In the moments before he was taken to his final place of rest, Alexander Prestney placed his hands and then his head on his older brother’s coffin and wept.
His tears fell on an Australian flag that draped a casket already damp from the dark sky.
As he grieved, his mother Belinda placed her left hand gently on his crown, her right clutching the partner of the son she had lost, Stacey.
His father, Andrew, simply watched on with the sorrow that comes with burying a child.
Mourners wearing small blue-and-white ribbons stood on the steps of the chapel at Xavier College in Melbourne, rubbing away tears while they clung to an order of service bearing the young constable’s police graduation photo.
As Joshua Prestney’s body was taken away, led by a Catholic priest, a chief commissioner, a retired reverend and a chaplain, his family were once again confronted with the terrible, unwanted tragedy that has sent Victoria into mourning.
On April 22 this year, Constable Prestney, 28, was standing in the emergency lane on the Eastern Freeway in Kew, preparing to impound a black Porsche 911 being driven by Richard Pusey, who was allegedly driving at 149kph.
With him was Leading Senior Constable Lynette Taylor, Constable Glen Humphris and Senior Constable Kevin King.
Constable Prestney was fresh out of the academy and had been placed at the Nunawading Highway Patrol as part of his extended training.
He had only graduated in December and it was his brother who presented him with his freddy, the badge all police carry, inscribed with the motto, Tenez Le Droit or Uphold The Right.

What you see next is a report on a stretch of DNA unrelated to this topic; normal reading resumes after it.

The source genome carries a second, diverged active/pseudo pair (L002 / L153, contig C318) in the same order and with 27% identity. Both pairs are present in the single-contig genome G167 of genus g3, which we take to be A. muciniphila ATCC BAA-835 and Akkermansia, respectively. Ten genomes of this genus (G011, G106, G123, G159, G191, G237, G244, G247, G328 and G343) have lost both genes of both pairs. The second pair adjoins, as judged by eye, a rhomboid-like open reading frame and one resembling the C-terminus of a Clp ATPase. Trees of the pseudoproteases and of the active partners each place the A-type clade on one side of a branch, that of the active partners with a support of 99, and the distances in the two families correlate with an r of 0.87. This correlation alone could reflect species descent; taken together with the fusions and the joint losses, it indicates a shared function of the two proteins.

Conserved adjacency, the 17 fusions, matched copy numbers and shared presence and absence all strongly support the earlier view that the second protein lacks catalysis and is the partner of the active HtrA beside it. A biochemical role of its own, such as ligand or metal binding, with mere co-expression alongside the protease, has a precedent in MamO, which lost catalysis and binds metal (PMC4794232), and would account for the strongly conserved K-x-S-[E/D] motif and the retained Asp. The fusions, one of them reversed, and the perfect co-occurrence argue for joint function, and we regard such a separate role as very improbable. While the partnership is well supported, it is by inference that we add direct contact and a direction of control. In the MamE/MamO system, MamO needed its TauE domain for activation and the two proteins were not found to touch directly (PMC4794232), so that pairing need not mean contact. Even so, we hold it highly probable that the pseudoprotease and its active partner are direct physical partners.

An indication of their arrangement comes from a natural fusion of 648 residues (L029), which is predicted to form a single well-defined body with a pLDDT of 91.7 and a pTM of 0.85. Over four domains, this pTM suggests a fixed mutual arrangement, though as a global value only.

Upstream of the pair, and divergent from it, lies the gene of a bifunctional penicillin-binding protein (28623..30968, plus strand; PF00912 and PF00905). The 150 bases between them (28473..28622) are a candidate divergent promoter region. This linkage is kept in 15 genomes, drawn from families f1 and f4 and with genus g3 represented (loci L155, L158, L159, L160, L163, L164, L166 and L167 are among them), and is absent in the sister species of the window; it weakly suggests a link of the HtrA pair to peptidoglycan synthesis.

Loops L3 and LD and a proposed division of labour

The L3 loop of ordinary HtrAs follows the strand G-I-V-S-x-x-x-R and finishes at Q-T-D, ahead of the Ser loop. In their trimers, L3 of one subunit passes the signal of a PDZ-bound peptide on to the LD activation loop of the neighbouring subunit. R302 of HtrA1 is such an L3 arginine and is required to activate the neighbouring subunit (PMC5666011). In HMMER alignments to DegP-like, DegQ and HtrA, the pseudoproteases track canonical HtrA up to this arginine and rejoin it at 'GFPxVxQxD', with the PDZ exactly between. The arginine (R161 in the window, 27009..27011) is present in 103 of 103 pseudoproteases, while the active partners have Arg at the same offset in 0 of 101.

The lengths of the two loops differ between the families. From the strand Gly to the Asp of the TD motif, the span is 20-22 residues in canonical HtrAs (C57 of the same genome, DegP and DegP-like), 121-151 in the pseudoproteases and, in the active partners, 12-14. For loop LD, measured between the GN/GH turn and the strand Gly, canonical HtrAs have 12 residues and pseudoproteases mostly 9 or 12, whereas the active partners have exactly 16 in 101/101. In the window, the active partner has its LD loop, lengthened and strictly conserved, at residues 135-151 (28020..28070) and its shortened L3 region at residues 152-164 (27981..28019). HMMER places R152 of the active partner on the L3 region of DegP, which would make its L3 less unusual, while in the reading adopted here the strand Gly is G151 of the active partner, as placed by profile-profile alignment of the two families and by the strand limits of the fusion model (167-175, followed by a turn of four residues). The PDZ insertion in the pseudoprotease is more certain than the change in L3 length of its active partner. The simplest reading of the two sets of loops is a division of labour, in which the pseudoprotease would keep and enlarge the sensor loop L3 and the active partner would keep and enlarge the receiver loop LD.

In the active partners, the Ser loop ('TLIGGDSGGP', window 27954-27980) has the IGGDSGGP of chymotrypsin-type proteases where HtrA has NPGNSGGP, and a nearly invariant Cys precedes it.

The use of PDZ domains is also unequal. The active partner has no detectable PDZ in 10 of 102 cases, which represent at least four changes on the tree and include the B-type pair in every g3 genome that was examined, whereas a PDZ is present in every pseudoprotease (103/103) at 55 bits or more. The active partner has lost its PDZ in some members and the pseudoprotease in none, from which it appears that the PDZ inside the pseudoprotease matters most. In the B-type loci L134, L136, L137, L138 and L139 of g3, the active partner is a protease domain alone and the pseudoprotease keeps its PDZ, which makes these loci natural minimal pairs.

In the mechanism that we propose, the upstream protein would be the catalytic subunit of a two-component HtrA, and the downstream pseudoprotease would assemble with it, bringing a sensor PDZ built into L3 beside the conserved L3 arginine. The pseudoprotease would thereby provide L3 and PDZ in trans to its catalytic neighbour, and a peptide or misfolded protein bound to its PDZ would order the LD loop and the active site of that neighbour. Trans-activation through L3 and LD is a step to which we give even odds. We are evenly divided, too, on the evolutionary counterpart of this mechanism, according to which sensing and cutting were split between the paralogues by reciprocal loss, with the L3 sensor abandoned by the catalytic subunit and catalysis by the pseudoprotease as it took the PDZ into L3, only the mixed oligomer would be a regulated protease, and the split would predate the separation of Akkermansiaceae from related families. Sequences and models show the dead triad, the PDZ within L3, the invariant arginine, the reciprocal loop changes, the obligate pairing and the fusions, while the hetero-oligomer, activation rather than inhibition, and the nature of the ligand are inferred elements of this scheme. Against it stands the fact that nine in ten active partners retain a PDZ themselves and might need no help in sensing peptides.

The events of that day were meant to be unremarkable. For the officers who stood on the shoulder of the freeway, it was supposed to be nothing more than a traffic stop.
But that night none returned home, for moments later a truck driven by Mohinder Singh, 47, slammed into them.
All four died at the scene in the single deadliest incident for officers in Victoria Police’s history.
Mr Singh, 47 has since been charged with four counts of culpable driving causing death.
Mr Pusey, 41, is facing nine charges including drug possession, destroying evidence and speeding.
Constable Prestney was the last officer to be laid to rest.
Like his brothers and sisters in blue, his funeral was significantly smaller than it would have been due to coronavirus measures.
His father, Andrew, said that since his son’s death, his life had been shrouded in fog.
“It’s the world’s worst rollercoaster … we just want to get off,” he told Melbourne radio station Triple M.
He said his son was his hero.
“We did so much together, we had trips to Bali, we always went camping over the Melbourne Cup weekend. We would go interstate to compete in an Ironman,” he said.
“He’s my best mate.”